Working in the beauty industry for me isn’t just a job, it’s a career. If I wasn’t passionate about the career I fell into after graduating I wouldn’t have put in the hard work going over and above my responsibilities to earn promotions. I wouldn’t have had the drive to proactively increase my industry knowledge through conferences, seminars and trade shows. And I certainly wouldn’t have dedicated my weekends to launch and grow this beauty blog. But even after 15 years in the business, the excitement of discovering a new trend, receiving a new product to try or interviewing a brand founder doesn’t go away. If anything it makes me want to learn even more about all aspects of my profession, which is why one of my beauty resolutions of 2021 is to read more about anything that touches on beauty. I really enjoyed my first foray into beauty books last year, so I’m anniversarising with a review of the three titles that I enjoyed this month.
The second this book hit the virtual shelves it was plastered all over my Instagram feed – not surprising when most of the accounts I follow are beauty enthusiasts who are as obsessed with skincare as I am. I admit I’m not a Caroline Hirons follower but I was swept up by the frenzy and added the book to my reading list. Little did I expect to find it in a charity shop a few months later. Especially a dedicated copy to one Aisling. Well Aisling thank you for doing a lockdown spring clean and donating this copy to Cancer Research UK, I’m now the new owner and this copy is not changing hands any further. A globally qualified advanced aesthetician trained in over 100 brands, with well over half a million Instagram followers and a blog with over 120 million page views, Caroline Hirons is a beauty authority. Her trademark no nonsense tone makes this book incredibly engaging and a breeze to read.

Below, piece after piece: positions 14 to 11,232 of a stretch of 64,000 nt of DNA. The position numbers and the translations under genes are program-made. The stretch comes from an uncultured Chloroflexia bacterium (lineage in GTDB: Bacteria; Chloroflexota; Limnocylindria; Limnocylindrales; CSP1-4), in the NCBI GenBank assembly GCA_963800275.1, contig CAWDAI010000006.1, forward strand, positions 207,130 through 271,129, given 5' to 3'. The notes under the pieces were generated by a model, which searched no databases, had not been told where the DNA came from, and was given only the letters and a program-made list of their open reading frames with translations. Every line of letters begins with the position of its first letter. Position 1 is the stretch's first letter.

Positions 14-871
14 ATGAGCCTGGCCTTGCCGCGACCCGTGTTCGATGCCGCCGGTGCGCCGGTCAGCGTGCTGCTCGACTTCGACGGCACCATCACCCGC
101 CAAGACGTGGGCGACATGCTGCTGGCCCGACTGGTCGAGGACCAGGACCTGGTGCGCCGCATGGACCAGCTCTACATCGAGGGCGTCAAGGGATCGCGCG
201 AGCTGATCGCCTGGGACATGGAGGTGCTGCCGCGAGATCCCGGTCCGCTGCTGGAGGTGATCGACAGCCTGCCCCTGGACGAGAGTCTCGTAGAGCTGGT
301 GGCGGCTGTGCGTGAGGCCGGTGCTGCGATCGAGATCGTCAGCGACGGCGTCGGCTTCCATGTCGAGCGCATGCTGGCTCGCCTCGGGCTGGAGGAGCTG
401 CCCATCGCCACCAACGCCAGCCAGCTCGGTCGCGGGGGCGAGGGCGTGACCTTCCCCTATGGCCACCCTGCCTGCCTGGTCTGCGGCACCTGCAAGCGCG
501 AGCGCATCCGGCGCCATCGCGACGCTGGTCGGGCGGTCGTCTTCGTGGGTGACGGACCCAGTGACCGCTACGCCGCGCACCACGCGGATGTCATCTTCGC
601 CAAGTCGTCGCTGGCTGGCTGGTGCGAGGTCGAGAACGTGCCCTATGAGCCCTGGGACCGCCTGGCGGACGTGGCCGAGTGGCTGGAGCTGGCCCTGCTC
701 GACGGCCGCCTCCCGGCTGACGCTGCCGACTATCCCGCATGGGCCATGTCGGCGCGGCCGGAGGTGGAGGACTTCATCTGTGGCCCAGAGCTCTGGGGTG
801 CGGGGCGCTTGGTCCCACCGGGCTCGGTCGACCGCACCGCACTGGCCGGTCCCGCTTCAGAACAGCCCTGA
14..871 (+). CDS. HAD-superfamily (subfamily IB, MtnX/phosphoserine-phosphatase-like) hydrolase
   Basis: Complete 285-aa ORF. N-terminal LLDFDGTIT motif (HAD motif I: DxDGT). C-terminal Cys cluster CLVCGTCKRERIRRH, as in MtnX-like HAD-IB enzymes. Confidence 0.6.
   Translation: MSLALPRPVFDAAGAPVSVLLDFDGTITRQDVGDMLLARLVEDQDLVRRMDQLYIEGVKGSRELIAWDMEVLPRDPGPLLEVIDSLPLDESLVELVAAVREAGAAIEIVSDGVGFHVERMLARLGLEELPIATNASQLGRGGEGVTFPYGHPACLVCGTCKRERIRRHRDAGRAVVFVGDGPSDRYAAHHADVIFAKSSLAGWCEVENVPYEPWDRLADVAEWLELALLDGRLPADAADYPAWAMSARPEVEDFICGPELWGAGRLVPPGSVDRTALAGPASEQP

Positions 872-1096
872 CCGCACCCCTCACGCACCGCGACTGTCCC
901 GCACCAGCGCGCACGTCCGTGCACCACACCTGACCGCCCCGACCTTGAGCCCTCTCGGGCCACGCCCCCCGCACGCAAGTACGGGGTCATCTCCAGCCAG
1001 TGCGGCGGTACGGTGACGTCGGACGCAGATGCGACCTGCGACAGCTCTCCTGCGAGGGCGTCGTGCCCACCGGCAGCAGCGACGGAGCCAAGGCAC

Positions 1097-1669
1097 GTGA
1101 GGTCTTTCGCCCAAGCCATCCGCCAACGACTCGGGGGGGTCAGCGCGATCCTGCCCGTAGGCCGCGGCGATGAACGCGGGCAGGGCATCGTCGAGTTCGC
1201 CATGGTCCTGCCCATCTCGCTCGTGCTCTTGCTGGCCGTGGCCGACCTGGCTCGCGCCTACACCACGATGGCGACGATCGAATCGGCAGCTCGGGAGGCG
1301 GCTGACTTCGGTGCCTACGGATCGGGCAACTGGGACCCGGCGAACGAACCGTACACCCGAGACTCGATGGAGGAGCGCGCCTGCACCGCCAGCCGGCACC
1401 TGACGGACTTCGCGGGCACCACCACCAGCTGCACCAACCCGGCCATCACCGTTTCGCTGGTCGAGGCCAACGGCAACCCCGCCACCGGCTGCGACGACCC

I learned that Caroline is a fan of:
- SPF – no surprises there, anyone with her training would strongly advocate the use of SPF
- Flannels – an old school skincare tool but after swapping my thin muslin cloths for a good fluffy flannel I have to admit it does makes for a thorough cleanse
- Acids – AHA, BHA, PHA, Caroline loves them all, and now so do I
- Double cleansing in the evening – I rarely wear enough makeup to warrant this extra step in my skincare routine
- Cleansing in the morning – I briefly tried the splash of water alone following a Pai skincare consultation but quickly reverted to a minimum of a toner in the mornings
And I leaned that Caroline is not a fan of:
- Facial wipes – totally with her on that, they are bad for the environment and don’t feel like a proper cleanse
- Foaming gels – too harsh on skin, I was an avid user in my teens and twenties but now prefer gentle cream cleansers
- Micellar water – but what about the iconic Bioderma Sensibio Micellar Solution? I won’t be giving up on that cult French pharmacy staple quite yet.
- Electronic cleansing brushes – I was tempted to try them a little while ago but never took the plunge